'Here it is,' he said, running his fingers over the keys affectionately. 'I bought it soon after we arrived in Australia. I had to leave my old Olivetti behind, he said, as we had to pack quickly and travel light.' I asked him if he had written much since coming to Australia, but he shook his head. 'I bought this,' he said, gently pressing the shift key with his index finger, 'because I wanted to keep writing, but the poems...' – he searched for the word – 'the poems just stopped.' He made a clicking noise with his mouth. 'I never understood why.'

At that moment the kitchen window opened and the angry woman’s voice said something in an angry Spanish I couldn’t make out. He replied in equally untranslatable Spanish and the kitchen window slammed shut again. He sighed and asked me if I was married. I said no and he said, 'You are lucky.' Sensing it was time to close this transaction. I took my wallet out of my pocket and looked inside it. There were eight twenties in it and I gave them all to him. He sighed as he folded the bills into his pocket, saying he had hoped for more, that he had thought there was a thriving market for antique typewriters, but I had been the only person to reply to the post online. He told me he needed the money as lately he had been in poor health on account of his kidneys.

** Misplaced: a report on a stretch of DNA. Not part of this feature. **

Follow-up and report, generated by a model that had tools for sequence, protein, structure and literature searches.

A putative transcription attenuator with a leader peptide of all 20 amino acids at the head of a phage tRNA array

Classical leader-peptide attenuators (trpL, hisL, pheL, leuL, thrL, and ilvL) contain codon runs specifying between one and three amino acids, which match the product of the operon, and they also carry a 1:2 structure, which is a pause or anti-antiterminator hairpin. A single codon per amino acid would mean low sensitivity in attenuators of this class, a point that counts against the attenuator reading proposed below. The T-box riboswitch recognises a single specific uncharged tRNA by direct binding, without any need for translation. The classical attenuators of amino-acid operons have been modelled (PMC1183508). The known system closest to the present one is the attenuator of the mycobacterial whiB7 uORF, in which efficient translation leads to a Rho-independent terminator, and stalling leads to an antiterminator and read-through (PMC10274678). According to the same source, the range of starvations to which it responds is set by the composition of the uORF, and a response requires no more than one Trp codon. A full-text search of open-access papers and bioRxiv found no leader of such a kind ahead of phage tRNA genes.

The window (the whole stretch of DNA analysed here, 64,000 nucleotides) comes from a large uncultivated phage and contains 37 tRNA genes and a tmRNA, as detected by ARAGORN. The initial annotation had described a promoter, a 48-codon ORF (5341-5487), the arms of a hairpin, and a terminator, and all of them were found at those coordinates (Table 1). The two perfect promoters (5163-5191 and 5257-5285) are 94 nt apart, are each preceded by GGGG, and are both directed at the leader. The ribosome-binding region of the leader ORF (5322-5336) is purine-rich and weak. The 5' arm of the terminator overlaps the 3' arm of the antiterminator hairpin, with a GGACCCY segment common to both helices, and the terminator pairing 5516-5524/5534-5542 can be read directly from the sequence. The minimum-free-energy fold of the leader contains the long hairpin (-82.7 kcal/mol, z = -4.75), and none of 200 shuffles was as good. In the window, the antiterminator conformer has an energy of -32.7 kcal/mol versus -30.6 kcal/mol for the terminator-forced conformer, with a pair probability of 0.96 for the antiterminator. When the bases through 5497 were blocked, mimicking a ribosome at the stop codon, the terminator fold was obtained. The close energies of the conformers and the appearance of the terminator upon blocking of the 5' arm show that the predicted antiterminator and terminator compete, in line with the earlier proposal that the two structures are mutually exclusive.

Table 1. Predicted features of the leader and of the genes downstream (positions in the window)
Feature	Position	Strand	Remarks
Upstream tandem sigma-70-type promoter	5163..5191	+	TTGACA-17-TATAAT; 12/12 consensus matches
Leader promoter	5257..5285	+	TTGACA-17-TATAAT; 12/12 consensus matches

Julio Salinas followed me as I carried the typewriter case to the car. I wanted to talk to him some more, to tell him how fondly I remembered that famous line from the poem 'Cargo Cult' - our nights betrayed the innocence of our days, while our days shot neon bullets through the night. But I regret to say I didn’t. There was something almost turtleish about him. I feared such gushing might make him disappear altogether, and a plan was already hatching in my mind.

'Listen,' I stammered, feeling myself blushing, 'a poet of your stature, here in Adelaide... What if I organized something, like a reading or something, nothing grandiose, just for poets and poetry aficionados, somewhere downtown, maybe invite some magazine editors, even some publishers?'

The proposal didn't seem to please him. 'Perhaps,' he said, pretending to be toying with the idea in his mind.

'It's a remarkable story,' I continued '- the great poet, presumed dead, but alive all this time and living in suburban Adelaide.'

Julio Salinas crossed his arms and looked back to the house. 'I don’t know,' he said.